If your primary mode of birth control fails, you still have other options to prevent pregnancy. Learn more about emergency contraception.
If you have unprotected sex or if your birth control fails, there is still a way to prevent an unintended pregnancy. This is called emergency contraception.
What is emergency contraception?
Emergency contraception is a type of birth control that is used after unprotected sex to stop a pregnancy from happening. Traditional birth control methods are used before or during sex to prevent pregnancy and/or sexually transmitted disease (STDs).
- Does not protect you from STDs
- Cannot be used to end an existing pregnancy
What types of emergency contraception are there?
There are two methods of emergency birth control available:
Emergency contraceptive pills (ECPs) - the "morning-after pill" - is an oral medicine. "Plan B" (levonorgestrel) and "ella" (ulipristal acetate) are the drugs that are approved by the U.S. Food and Drug Administration (FDA) for this use.
- Copper Intrauterine device (IUD) is a small, T-shaped device that is placed into your uterus by your doctor. It can be taken out after your next period. Or it can stay in place and used as a birth control method for up to 10 years.
When should I take it?
You don't need to wait until the morning after sex to use emergency contraception. You can take it right after sex. But it has to be taken within five days after sex to work.
How does emergency contraception work?
Like regular birth control pills, emergency contraception contains hormones that prevent pregnancy. In fact, ECPs contain the same hormones as traditional birth control pills, but in a higher dose. Pills are made up of estrogen and progestin or progestin-only. They work by:
- Preventing ovulation. Hormones stop the egg from leaving the ovary so it cannot be fertilized by the sperm.
- Blocking fertilization. Hormones cause the cervical mucus to thicken. This blocks the sperm from reaching the egg.
- Keeping the fertilized egg from attaching to the uterine wall. A pregnancy will not occur if the egg doesn't implant. Some studies, though, show that ECPs do not work this way.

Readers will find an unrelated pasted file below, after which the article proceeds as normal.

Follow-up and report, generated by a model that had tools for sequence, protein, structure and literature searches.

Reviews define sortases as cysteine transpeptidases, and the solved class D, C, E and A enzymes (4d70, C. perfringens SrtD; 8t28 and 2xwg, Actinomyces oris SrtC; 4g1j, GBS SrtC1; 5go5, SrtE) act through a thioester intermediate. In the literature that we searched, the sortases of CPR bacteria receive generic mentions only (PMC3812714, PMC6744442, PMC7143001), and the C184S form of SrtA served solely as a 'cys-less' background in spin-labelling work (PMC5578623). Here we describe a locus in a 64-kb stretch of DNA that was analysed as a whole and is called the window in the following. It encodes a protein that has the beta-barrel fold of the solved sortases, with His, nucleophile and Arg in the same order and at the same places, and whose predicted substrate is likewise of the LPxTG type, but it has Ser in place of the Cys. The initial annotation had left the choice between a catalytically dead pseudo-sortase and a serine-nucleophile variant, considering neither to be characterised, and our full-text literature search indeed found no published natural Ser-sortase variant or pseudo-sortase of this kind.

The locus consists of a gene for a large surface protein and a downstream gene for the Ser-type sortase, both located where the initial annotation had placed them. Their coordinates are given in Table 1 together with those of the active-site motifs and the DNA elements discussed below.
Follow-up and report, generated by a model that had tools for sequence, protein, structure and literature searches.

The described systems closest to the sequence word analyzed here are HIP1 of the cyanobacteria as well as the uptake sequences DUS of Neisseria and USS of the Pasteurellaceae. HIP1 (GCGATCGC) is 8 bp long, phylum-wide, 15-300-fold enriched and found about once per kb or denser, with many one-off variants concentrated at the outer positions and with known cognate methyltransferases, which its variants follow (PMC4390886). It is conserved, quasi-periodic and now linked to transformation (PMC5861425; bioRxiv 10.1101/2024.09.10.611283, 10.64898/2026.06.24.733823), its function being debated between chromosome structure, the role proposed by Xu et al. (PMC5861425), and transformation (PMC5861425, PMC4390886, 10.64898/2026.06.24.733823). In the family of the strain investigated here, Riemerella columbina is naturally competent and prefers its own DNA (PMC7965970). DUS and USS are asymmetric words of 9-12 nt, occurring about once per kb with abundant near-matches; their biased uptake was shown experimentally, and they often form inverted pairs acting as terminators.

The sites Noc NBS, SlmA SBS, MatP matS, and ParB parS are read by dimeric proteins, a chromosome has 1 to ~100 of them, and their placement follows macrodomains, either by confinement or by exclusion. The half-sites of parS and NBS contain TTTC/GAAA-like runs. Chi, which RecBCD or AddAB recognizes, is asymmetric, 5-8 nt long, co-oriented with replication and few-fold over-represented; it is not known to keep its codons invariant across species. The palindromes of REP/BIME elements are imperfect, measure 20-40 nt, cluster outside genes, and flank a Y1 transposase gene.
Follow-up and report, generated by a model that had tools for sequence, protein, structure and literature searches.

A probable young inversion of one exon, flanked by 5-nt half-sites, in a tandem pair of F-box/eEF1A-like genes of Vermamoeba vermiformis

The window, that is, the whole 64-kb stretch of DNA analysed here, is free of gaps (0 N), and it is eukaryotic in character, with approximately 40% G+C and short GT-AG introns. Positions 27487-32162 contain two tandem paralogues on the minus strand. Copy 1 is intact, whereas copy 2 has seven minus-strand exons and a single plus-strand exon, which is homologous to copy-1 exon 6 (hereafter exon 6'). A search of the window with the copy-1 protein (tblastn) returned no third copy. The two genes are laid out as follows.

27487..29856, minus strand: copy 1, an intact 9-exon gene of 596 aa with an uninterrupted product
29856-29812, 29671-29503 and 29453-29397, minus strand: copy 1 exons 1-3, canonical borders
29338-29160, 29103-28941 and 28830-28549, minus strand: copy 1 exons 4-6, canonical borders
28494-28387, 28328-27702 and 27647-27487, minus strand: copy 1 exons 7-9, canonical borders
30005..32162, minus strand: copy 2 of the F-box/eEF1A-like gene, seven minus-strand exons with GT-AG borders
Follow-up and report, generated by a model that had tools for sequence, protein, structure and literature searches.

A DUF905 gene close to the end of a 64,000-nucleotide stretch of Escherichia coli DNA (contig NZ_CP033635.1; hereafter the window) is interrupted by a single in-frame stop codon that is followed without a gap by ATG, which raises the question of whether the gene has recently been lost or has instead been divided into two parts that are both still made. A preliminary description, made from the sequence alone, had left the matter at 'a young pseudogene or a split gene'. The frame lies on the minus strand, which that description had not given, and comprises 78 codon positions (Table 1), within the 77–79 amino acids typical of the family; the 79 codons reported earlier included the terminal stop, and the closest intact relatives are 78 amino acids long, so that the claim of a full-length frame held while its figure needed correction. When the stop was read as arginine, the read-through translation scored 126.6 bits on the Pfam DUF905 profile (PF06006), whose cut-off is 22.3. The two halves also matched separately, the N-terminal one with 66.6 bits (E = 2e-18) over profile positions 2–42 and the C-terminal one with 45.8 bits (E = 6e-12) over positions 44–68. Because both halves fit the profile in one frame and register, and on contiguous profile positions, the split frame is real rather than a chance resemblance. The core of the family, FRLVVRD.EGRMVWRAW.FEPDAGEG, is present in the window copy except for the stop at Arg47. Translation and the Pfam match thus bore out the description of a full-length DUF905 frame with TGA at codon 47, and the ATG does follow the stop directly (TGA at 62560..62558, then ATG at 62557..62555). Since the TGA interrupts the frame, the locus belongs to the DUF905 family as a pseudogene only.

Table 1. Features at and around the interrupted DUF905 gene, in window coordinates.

The IUD works like a spermicide. It stops semen from reaching the egg. It also keeps the fertilized egg from attaching to the uterus.
Are ECPs the same as the abortion pill?
No. ECPs prevent a pregnancy from starting. If the fertilized egg has already implanted to the uterus, ECPs will not work. Emergency contraception cannot be used to end a pregnancy.
Can the emergency contraception be my primary form of birth control?
It depends on the method:
- The IUD can be used as primary birth control to prevent pregnancy. But it does not protect against STDs.
- ECPs should only be used as a backup method of birth control because they are not as effective as traditional birth control methods.
How effective is it?
- ECPs are not as effective as regular birth control pills. Studies show that ECPs prevent 75 percent of pregnancies. Regular birth control pills, when taken correctly, are 99 percent effective.
- IUDs prevent pregnancies more than 99 percent of the time.
What are the side effects?
Some women have side effects from ECPs. Women who take progestin-only ECPs may have fewer side effects. Side effects go away after a few days, and include:
- Nausea and vomiting
- Stomach pain and cramps
- Breast tenderness
Call your doctor if you vomit after taking an ECP.
Side effects of IUDs are rare, but can happen, and include:
- Damage to the uterus
- Heavy bleeding during your period
Is emergency contraception for me?
Only you and your doctor can decide if emergency contraception is a good choice for you. Some women may not be able to use emergency contraception, such as:
- Women who are breast-feeding or cannot take estrogen. They should only take progestin-only ECPs.
- Women who have an STD. They are not good candidates for an IUD. IUDs can lead to infection and possibly infertility if you have an STD.
Where can I find emergency contraception?
- ECPs are sold over-the-counter (OTC) at pharmacies for women 18 and older. Women 17 and younger can get ECPs by prescription only. You can ask your doctor for buy vidalista at your regular exam to have on hand just in case an emergency occurs.
- IUDs are only available at your doctor's office. Your doctor must insert the device.